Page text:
- A responsible adult acting (in loco parent is), such as a social worker, residential or foster carer, may give consent on the parent's behalf so long as all reasonable steps have been taken to consult the parent(s) or those with Parental Responsibility and such action is not against their expressed wishes.
- Dependent on his/her age and level of understanding, a child who has not reached the age of sixteen may be regarded by a doctor as capable of giving consent.
- In a 'life or limb' situation, a doctor may decide to proceed without any consent.
- Consent should be given in writing, but it is equally valid if given verbally, provided it was informed and freely given. Written consent is preferred where children are in receipt of services away from home and may require urgent medical treatment in an emergency. Where it is only possible to acquire verbal consent, it should be given in the presence of a reliable witness.
3. Children who Seek Advice/Treatment Without Consulting Parents or Consent
Steps should always be taken to promote decision-making on the part of children and to ensure their views and wishes are obtained, considered and accounted for. To this end, children should be encouraged to seek advice or treatment (including dental care and contraceptive advice) from medical or other healthcare practitioners after discussing matters of concern with their social worker, those looking after them and, if possible, their parent(s).
However, it is recognised that this may not always be possible; and that children may wish to seek advice or treatment without reference to parent(s) or those responsible for them, or they may decide to limit the information or consultation.
Where such a situation occurs, it should be treated with care and sensitivity; within the overall context of the duty to promote and protect the welfare of the child.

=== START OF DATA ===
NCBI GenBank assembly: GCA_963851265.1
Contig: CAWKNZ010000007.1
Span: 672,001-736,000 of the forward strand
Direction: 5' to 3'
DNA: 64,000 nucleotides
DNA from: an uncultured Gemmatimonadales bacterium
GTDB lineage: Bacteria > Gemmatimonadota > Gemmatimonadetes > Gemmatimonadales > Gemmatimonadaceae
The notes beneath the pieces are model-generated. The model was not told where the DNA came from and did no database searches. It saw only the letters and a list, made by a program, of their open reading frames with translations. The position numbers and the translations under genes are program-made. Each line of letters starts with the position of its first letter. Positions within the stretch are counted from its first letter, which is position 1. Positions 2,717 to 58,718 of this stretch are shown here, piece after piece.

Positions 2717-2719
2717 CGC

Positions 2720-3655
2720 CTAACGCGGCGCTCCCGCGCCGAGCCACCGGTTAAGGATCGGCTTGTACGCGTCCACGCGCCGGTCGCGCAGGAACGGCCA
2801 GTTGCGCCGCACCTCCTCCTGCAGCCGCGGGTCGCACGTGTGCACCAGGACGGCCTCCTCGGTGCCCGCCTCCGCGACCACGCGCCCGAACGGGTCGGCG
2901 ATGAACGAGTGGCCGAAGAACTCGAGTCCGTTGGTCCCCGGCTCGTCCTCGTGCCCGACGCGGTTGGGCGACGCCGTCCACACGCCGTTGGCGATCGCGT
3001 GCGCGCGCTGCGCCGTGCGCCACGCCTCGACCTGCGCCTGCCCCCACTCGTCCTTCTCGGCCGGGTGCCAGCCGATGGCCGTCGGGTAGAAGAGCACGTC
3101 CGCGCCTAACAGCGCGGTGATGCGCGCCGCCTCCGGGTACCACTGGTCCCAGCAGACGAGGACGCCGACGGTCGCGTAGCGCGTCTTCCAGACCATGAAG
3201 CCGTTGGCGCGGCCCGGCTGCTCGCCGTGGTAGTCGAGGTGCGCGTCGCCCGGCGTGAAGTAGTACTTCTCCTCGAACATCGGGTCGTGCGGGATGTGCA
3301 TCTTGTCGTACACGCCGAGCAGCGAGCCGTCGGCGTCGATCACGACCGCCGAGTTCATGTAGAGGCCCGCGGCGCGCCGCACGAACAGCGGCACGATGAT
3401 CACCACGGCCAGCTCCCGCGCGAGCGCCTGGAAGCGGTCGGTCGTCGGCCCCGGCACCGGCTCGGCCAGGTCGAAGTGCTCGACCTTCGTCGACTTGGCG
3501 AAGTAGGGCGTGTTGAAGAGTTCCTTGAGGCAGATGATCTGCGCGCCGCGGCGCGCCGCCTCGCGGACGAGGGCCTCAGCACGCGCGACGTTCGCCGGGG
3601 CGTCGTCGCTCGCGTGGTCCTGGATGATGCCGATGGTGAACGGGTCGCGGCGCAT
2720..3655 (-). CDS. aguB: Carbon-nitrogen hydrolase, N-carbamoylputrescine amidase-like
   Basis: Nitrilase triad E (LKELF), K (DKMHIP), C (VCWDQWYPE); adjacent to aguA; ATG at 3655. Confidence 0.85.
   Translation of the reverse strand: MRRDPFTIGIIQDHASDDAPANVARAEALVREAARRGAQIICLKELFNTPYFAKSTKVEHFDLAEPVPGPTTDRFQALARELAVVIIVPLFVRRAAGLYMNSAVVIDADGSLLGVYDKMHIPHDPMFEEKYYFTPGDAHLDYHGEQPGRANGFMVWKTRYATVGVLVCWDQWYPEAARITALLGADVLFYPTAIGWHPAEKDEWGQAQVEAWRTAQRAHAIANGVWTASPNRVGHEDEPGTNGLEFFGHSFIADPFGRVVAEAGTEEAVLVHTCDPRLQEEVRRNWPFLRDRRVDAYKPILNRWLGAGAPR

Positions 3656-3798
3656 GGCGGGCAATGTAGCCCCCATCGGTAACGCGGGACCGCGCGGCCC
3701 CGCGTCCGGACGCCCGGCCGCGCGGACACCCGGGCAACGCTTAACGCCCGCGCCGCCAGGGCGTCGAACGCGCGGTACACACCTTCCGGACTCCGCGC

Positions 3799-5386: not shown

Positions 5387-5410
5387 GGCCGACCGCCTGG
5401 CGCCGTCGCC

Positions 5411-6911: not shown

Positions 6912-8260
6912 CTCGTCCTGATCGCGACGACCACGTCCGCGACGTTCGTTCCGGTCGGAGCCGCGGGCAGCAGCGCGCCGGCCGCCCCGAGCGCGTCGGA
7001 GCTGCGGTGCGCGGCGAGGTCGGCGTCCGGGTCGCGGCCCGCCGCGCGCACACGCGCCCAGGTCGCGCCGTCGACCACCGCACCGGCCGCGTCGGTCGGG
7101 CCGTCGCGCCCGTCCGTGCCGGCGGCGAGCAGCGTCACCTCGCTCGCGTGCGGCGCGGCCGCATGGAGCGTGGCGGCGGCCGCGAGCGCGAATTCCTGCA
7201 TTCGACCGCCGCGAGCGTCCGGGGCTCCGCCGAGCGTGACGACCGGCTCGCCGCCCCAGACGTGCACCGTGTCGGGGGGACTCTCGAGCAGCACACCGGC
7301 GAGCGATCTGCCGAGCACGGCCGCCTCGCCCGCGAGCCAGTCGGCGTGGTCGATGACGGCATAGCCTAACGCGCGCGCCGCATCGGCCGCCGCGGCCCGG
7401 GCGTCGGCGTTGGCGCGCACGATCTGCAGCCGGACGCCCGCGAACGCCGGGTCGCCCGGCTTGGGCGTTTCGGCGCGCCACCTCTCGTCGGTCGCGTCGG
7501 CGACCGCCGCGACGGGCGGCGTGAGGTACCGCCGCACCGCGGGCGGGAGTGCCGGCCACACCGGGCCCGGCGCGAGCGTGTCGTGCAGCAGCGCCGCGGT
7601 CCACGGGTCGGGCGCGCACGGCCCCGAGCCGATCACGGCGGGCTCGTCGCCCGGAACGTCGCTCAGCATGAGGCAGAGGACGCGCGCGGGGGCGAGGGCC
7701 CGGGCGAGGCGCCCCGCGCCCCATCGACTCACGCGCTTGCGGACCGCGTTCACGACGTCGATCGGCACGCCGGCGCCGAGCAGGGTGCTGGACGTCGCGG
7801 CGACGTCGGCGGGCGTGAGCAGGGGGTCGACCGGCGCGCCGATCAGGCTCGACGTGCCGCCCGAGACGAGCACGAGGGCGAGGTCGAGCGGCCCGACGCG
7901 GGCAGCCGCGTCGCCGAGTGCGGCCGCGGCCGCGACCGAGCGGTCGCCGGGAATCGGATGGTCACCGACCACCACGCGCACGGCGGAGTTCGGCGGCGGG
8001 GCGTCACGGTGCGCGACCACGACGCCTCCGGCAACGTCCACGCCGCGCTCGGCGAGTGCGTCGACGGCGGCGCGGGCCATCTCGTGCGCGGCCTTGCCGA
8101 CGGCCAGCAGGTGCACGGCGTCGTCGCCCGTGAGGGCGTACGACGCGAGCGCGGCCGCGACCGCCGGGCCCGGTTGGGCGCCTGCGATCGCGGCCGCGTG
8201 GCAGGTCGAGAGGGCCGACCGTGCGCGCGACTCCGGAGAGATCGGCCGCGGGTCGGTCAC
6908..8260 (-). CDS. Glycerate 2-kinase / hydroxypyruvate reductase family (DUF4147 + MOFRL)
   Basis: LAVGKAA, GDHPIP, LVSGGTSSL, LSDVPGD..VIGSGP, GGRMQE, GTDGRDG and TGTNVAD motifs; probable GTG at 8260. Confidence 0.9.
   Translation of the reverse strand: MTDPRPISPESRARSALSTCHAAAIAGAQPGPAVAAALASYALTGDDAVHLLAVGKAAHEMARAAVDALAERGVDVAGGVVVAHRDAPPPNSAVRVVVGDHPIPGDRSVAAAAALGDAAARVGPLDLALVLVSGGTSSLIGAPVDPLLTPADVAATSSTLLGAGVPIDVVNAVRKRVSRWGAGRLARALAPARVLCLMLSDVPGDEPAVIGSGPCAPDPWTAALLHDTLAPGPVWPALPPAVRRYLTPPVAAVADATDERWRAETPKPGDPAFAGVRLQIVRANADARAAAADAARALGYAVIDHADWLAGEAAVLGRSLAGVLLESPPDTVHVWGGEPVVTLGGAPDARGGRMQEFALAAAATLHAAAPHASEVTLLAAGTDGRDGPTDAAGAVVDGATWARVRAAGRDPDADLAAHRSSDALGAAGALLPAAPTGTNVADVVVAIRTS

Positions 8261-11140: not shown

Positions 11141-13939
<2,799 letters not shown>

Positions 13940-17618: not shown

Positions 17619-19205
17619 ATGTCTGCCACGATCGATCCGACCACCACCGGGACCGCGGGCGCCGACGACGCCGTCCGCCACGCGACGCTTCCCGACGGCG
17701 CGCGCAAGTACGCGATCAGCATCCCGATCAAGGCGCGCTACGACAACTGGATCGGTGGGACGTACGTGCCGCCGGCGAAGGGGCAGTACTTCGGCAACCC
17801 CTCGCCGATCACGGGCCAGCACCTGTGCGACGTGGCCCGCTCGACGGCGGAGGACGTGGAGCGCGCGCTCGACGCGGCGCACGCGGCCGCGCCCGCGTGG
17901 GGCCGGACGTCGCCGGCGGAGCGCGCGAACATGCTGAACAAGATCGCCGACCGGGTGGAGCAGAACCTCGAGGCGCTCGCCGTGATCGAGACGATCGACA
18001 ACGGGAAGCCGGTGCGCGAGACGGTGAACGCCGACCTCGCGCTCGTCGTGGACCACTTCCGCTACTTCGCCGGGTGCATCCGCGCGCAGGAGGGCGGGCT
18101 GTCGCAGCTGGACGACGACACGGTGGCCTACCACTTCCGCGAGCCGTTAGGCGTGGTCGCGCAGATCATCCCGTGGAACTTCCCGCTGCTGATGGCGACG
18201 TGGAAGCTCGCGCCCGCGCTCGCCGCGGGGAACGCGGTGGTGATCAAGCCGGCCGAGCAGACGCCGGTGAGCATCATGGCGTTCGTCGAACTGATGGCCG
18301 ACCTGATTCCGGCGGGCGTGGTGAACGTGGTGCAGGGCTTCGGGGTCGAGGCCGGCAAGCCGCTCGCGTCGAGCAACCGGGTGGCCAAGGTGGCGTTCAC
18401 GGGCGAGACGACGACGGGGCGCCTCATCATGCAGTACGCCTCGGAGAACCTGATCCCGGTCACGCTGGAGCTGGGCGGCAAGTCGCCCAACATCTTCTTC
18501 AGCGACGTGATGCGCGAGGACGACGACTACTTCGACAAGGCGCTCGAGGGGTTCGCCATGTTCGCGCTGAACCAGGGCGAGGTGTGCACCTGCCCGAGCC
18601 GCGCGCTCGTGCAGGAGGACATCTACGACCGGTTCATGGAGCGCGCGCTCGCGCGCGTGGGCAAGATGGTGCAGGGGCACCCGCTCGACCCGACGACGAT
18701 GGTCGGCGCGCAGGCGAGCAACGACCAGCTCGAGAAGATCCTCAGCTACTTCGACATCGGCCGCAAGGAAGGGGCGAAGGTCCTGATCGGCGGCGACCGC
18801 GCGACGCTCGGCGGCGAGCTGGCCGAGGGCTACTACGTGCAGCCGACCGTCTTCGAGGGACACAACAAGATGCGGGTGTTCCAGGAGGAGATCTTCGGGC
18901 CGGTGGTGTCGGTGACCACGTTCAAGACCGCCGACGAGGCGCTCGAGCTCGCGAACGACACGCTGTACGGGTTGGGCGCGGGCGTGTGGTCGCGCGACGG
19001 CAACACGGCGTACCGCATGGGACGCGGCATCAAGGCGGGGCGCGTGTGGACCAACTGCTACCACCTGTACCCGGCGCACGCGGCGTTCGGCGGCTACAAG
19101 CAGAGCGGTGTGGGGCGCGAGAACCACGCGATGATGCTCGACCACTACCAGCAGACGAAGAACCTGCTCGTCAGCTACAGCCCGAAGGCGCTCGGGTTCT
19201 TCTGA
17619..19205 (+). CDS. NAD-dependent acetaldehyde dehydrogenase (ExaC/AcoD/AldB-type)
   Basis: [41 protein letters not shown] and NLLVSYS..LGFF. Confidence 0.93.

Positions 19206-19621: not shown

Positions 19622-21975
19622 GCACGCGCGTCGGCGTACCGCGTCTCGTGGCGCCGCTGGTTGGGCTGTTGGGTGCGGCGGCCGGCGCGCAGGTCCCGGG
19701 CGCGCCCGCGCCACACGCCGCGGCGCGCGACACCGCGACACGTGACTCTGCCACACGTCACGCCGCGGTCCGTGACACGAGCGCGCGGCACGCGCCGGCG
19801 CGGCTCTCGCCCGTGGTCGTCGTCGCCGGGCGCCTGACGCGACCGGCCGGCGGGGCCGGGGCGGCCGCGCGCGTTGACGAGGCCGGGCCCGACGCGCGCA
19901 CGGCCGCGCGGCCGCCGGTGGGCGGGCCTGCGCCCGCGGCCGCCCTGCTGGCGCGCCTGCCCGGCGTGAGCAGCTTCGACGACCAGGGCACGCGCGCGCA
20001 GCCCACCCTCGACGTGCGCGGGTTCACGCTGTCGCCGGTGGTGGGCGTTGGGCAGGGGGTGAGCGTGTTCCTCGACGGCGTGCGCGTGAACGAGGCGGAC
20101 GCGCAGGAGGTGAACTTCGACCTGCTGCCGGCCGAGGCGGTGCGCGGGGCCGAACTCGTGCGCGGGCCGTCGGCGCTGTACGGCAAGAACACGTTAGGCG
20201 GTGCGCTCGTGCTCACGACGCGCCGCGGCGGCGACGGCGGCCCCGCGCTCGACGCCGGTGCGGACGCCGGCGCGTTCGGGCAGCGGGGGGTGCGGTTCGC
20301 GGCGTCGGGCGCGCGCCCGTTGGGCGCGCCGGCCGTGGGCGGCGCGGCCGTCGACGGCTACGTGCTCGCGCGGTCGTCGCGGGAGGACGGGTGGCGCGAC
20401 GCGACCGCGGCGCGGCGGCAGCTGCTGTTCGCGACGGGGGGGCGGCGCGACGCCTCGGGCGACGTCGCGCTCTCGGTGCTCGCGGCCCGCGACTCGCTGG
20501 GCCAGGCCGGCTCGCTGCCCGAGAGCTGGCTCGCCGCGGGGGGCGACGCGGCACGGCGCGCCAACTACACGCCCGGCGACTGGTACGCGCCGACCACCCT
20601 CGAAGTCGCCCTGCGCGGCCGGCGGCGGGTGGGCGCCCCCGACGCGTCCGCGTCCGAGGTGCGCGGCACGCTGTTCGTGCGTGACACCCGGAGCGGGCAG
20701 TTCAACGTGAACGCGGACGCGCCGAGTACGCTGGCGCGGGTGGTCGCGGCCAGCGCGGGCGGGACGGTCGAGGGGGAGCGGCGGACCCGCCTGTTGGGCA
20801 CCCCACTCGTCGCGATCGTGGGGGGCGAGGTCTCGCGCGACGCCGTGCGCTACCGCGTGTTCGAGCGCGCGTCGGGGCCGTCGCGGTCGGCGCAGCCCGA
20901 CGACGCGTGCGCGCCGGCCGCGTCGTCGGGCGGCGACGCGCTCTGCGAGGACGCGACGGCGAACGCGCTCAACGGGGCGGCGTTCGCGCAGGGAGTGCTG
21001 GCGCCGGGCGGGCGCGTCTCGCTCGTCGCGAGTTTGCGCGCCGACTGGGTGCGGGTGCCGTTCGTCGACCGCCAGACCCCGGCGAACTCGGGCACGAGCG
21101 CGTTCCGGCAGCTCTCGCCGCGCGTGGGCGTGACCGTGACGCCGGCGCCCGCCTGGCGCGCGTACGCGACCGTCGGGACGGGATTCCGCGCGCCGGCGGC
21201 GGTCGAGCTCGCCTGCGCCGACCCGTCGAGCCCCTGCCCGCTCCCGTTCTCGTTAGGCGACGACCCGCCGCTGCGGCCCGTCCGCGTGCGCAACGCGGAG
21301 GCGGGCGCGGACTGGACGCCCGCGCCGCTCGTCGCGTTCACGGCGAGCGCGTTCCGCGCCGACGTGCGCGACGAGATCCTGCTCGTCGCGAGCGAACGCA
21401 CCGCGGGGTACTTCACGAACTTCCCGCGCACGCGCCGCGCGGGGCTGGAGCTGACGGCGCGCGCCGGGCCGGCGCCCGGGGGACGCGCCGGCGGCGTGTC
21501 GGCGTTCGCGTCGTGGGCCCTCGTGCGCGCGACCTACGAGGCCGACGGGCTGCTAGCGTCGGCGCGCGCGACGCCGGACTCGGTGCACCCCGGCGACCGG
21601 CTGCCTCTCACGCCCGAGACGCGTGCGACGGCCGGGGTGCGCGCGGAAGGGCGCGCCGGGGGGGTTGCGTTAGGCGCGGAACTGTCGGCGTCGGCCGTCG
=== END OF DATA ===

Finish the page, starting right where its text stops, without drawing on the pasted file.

Children who have reached the age of sixteen can seek the advice of a medical practitioner without referral to or the consent of parent(s) or those with Parental Responsibility and may decide to keep that advice and any subsequent treatment confidential. In such circumstances, they may share certain information with staff or carers and may request that it is only shared with specified, other people. Such requests should be respected, unless to do so would place the child or others at risk of injury or harm.
Children who have yet to reach the age of sixteen should be treated in a manner consistent with their age and level of understanding. If possible, their wishes should be respected, but all reasonable steps should be taken to encourage them to discuss concerns with their parent(s), a close relative or guardian. They should also be encouraged to consult their social worker or another responsible person, such as a staff member or foster carer.
However, if children refuse to consult their parents or others and they appear to have made a reasoned decision that is not likely to place them at risk of injury or harm, they should be supported in that decision; and any request for information to be kept in confidence should be respected.
Once the arrangements have been made for a child to see a medical practitioner, the child can request that they do so unaccompanied; such a request should be respected.
Whilst it may be unusual for a doctor or other health care professional to provide advice or treatment to a child under sixteen without parental knowledge or advice, they can do so if they believe the child is of an age and level of understanding to understand the implications of the decision they are taking.
They may also do so if they are satisfied that to share the information with parent(s) or carers may place the child at risk.
Decisions about whether to provide advice or treatment without consent or consulting parent(s) or carers are for a practitioner's clinical judgement.